Wreck Havoc: Global Catastrophe is a digital megagame created by Escape New Haven in New Haven, CT.
Style of Play: digital megagame
Required Equipment: computer with internet connection
Recommended Team Size: The game supports team sizes from 24 to 240. We played with 32 (8 groups of 4) and this worked well.
Play Time: about 2 hours
Price: $38 per person
Booking: Fill out the contact form on Escape New Haven’s website to set up a booking for a large private group.
A global catastrophe has occurred and nations must sort out how to address the problem. Each player was assigned a team named for a country. Individual countries had to solve puzzles in order to earn currency. The currency could be spent on tools to help solve the crisis. Your country will need to ally with other countries.
On the one hand, we loved the innovation in The Game Show. Escape New Haven included more inventive game mechanics in this escape room than most companies have in all of their games combined. On the other hand, The Game Show didn’t adequately onboard players, which could leave even experienced players completely clueless. Its unforgiving nature could be frustrating or exhilarating.
Who is this for?
People who like competitive games
Players with at least some experience
Atypical escape room structure
Unusual game mechanics
We were contestants on a new game show. The winners would receive a free trip to sunny New Haven, Connecticut.
Split into two teams, Red and Blue, we were each led into mirror image spaces where we had to use puzzle stations built into the walls to compete with one another for points.
The back wall graphically displayed each team’s score in real time.
The competitive gameplay was built around rapidly learning the rules to each game and outplaying your opponents.
The initial difficulty was more in operating the game’s controls. Once we mastered that, we turned our attention to the competitive puzzles.
Finally, there was a big twist in this game… and explaining it would absolutely ruin the game. So I’m going to leave it at that.
The Game Show was different. Its starting split-team competitive segment and the twist that ensued made for a dramatic and unusual experience.
The competitive concept was energizing. Escape New Haven drew inspiration from famous psych experiments, but reinvented the concepts as gameplay. It worked well.
The Game Show made sense, narratively speaking.
The post-twist gameplay was fantastic. I wish I could go into more detail.
The competitive gameplay lacked instruction or clear feedback. If you get it, it will be exciting. If you don’t get it, it will be painfully frustrating. If it doesn’t click for anyone, you will spend a lot of time in an unforgiving environment, under pressure from the competitive aspect. This could and should be smoothed over.
In terms of build quality and finish, while The Game Show was a step up from some of Escape New Haven’s earlier work, their set design still lacked polish and attention to detail. Everything felt decidedly homemade, even when the creation was impressive.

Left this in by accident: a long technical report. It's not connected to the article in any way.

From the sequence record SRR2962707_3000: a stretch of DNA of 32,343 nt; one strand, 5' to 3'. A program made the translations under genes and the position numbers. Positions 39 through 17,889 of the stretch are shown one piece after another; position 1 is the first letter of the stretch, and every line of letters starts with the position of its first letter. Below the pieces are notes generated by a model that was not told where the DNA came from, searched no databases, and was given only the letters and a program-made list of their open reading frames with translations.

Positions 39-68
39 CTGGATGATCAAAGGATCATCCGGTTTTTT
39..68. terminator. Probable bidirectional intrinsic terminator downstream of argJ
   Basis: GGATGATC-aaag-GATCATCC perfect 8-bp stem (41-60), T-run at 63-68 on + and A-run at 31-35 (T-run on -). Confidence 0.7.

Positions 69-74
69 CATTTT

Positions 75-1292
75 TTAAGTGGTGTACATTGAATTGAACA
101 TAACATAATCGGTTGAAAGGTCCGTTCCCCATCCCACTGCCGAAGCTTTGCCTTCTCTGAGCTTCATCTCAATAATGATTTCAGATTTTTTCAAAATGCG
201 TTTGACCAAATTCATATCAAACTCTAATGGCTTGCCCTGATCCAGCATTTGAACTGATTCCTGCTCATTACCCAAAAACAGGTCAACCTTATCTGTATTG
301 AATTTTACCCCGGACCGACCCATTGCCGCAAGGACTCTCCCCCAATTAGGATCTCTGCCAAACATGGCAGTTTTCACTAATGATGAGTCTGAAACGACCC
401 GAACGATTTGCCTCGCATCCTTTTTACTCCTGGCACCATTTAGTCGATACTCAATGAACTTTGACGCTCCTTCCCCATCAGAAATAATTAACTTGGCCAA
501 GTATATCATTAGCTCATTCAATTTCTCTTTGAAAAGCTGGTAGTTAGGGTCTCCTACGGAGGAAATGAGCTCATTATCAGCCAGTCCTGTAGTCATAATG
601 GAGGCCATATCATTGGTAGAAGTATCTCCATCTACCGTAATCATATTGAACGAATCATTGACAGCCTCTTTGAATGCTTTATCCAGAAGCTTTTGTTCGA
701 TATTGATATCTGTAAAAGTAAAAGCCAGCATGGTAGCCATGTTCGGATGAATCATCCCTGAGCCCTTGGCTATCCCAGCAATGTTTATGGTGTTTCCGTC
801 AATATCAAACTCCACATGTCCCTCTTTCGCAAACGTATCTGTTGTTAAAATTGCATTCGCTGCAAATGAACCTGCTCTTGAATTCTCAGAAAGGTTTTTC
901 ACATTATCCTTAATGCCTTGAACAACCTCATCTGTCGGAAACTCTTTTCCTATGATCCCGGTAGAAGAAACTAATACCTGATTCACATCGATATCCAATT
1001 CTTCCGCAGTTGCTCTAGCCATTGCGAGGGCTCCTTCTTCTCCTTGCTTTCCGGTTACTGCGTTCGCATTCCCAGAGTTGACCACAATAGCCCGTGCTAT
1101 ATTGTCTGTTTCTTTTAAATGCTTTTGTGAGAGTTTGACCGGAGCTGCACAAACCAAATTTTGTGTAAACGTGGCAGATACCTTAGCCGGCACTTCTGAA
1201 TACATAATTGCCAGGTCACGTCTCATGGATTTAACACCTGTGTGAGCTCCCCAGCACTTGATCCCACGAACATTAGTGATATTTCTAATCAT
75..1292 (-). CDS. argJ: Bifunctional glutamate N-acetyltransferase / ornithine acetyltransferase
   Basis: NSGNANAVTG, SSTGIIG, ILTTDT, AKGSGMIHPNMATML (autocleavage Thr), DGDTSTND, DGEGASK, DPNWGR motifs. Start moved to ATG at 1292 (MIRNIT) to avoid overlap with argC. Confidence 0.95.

For example, the video segments seemed haphazardly slapped together. They featured a host standing in front of a white sheet. The elementary look detracted from the aesthetic that Escape New Haven clearly wanted for The Game Show.
Tips for Visiting
Use the app Parkmobile to fill your meter on the street in New Haven.
Price: Adult $26 per ticket, Student with ID $22 per ticket, Child $22 per ticket
Story & setting
We were investigating the disappearance of the cast and crew of the horror movie The Crypt. The escape game started in the film star’s dressing room and progressed onto the movie set itself.
Escape New Haven had refactored this space since we played The Workshopin these same rooms over a year ago. The set for The Crypt was thematically sound; the overall execution of the set was hit or miss from room to room.
The story was lightly horror, encased in movie-making, which lightened the mood. For the most part, the narrative held up. It got a bit hokey at the end.
The Crypt included a lot of puzzles and a lot of locks. However, the game thread was readily apparent. We could easily tell which puzzles opened which game elements.
As the game progressed, the puzzles incorporated more complex interactions, moving beyond lock and key.
Furthermore, the game packed an enormous variety of puzzle types that drew on various different intellects. This was a puzzle room and throughout the game, the puzzles remained the star attraction.
The aesthetic of the movie set of The Crypt was exceptional. It felt like both a mausoleum and a movie set. The clues arose from within the set; they weren’t bolted on to an otherwise ordinary room. It was designed with great care and attention to details.
One particular element of this second room was designed to intensify the drama and require teamwork.
We rarely post photos of later rooms, or any game element not immediately apparent when a player enters. However, Escape New Haven encouraged us to photograph the later part of The Crypt. They too use its design as a teaser: when we entered the game, we could see through to this movie set before we could access it.
While portions of the game were brilliantly themed, other segments were surprisingly spartan and rough. The difference in quality and attention to detail from room to room was jarring. Fortunately, theming improved over the course of the game.